Some 4.7 billion fewer passengers are projected to travel by this year-end, representing a decline of 47.5 per cent in global passenger traffic, according to a report by Airports Council International (ACI) World.
Pandemic’s dramatic impact on aviation endures but signs of recovery emerge, says ACI. (Photo: supplied)
This is estimated to equate to a loss in revenue of more than US$94 billion this year, which is half of the projected baseline.
The analysis was published in the Advisory Bulletin: The impact of Covid-19 on the airport business and path to recovery.
As prospects for a recovery in 2021 begin to emerge, ACI World estimates that different regions of the world will recover at different rates. At country level, markets having significant domestic traffic are expected to recover in 2023 to pre-Covid-19 levels, while markets with a significant share of international traffic are unlikely to return to 2019 levels until 2024 or even 2025 in some cases.
ACI World has said an interoperable health data trust framework to facilitate safe border reopening and cross-border travel must be established to support this recovery. ACI added that it supports any system which will allow testing and vaccination data to be shared consistently, effectively, and in a way that protects the personal data of those that use it.
“The world is embarking on the biggest vaccination campaign in history, and we see positive indications in countries with high rates of vaccination and ACI World has discerned an escalation of these encouraging signs and prospects for recovery with a surge in travel in the second half of 2021 expected,” ACI World director general Luis Felipe de Oliveira said.
“Despite this, Covid-19 remains an existential crisis for airports, airlines and their commercial partners and we need support and sensible policy decisions from governments to ensure that aviation can fuel the global economic recovery.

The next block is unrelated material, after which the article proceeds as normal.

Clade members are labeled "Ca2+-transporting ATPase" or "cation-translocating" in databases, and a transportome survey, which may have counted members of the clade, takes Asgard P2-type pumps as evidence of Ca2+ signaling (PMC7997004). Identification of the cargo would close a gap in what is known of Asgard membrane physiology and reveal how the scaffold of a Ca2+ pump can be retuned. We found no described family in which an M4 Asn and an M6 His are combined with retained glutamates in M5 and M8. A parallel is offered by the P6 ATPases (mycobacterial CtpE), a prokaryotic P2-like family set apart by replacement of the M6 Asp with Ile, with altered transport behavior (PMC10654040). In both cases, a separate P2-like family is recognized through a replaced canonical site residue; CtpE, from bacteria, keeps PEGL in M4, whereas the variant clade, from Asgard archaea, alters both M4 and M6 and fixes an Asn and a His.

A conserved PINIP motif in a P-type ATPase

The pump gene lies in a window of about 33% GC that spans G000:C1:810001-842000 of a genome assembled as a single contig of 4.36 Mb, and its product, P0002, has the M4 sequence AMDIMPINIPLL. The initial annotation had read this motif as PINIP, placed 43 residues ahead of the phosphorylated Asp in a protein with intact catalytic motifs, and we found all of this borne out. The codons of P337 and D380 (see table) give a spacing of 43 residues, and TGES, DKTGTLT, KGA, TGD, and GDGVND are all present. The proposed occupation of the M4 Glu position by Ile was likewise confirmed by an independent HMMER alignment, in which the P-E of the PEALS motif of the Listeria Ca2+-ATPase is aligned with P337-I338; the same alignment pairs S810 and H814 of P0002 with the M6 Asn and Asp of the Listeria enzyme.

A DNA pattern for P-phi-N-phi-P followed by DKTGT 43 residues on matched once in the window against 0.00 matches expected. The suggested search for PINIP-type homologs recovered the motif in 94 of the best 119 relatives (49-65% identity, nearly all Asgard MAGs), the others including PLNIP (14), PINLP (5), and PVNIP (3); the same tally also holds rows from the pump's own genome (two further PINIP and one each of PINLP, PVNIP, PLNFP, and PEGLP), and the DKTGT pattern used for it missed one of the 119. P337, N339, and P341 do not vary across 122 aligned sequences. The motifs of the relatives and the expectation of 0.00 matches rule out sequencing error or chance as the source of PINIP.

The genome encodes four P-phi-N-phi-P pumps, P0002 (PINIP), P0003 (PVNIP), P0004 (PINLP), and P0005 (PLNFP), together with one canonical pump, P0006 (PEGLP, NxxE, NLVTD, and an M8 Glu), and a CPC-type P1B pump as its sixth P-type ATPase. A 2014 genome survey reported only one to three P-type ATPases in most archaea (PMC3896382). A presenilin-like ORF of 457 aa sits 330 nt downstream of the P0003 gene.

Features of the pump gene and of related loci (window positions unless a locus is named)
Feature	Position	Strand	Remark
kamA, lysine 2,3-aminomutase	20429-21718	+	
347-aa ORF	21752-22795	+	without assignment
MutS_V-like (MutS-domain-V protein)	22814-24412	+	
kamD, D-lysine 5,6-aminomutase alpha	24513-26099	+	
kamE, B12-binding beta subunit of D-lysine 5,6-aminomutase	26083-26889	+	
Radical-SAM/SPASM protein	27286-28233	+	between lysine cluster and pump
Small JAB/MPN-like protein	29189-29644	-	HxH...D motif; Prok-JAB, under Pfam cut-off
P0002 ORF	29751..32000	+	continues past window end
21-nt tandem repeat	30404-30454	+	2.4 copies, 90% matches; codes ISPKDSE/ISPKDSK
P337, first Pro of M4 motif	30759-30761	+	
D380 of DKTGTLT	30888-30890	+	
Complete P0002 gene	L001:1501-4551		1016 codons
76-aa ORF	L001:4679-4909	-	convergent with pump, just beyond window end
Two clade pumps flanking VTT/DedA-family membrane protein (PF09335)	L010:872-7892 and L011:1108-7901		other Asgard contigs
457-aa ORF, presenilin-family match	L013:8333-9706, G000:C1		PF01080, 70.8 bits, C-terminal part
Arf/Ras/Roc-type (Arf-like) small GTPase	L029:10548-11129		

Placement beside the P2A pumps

“We hope an upsurge in confidence in air travel provided by vaccination and safety measures should result in the number of people travelling outside of their countries will start this spring and significantly increase by mid-year.
“Aviation recovery will not take-off, however, without a coordinated and globally-consistent approach to vaccination and testing, coupled with a safe and interoperable methods of sharing testing and vaccination information.”
With regards to economic impact, as a consequence of uncoordinated travel restrictions combined with small domestic markets, Europe is forecast to remain the most affected region in absolute terms with an estimated drop in revenues of more than US$37.5 billion for the full year 2021 compared to 2019.
In relative terms, the Middle East and Europe are forecast to suffer the biggest hits with decreases of 58.9 per cent and 58.1 per cent, respectively. Asia-Pacific is the region with comparatively the least impact, but it is still expected to experience a very significant decrease of 40.3 per cent against the projected baseline.
Cre: TTG Asia
Nguyen Xuan Nghia – COMM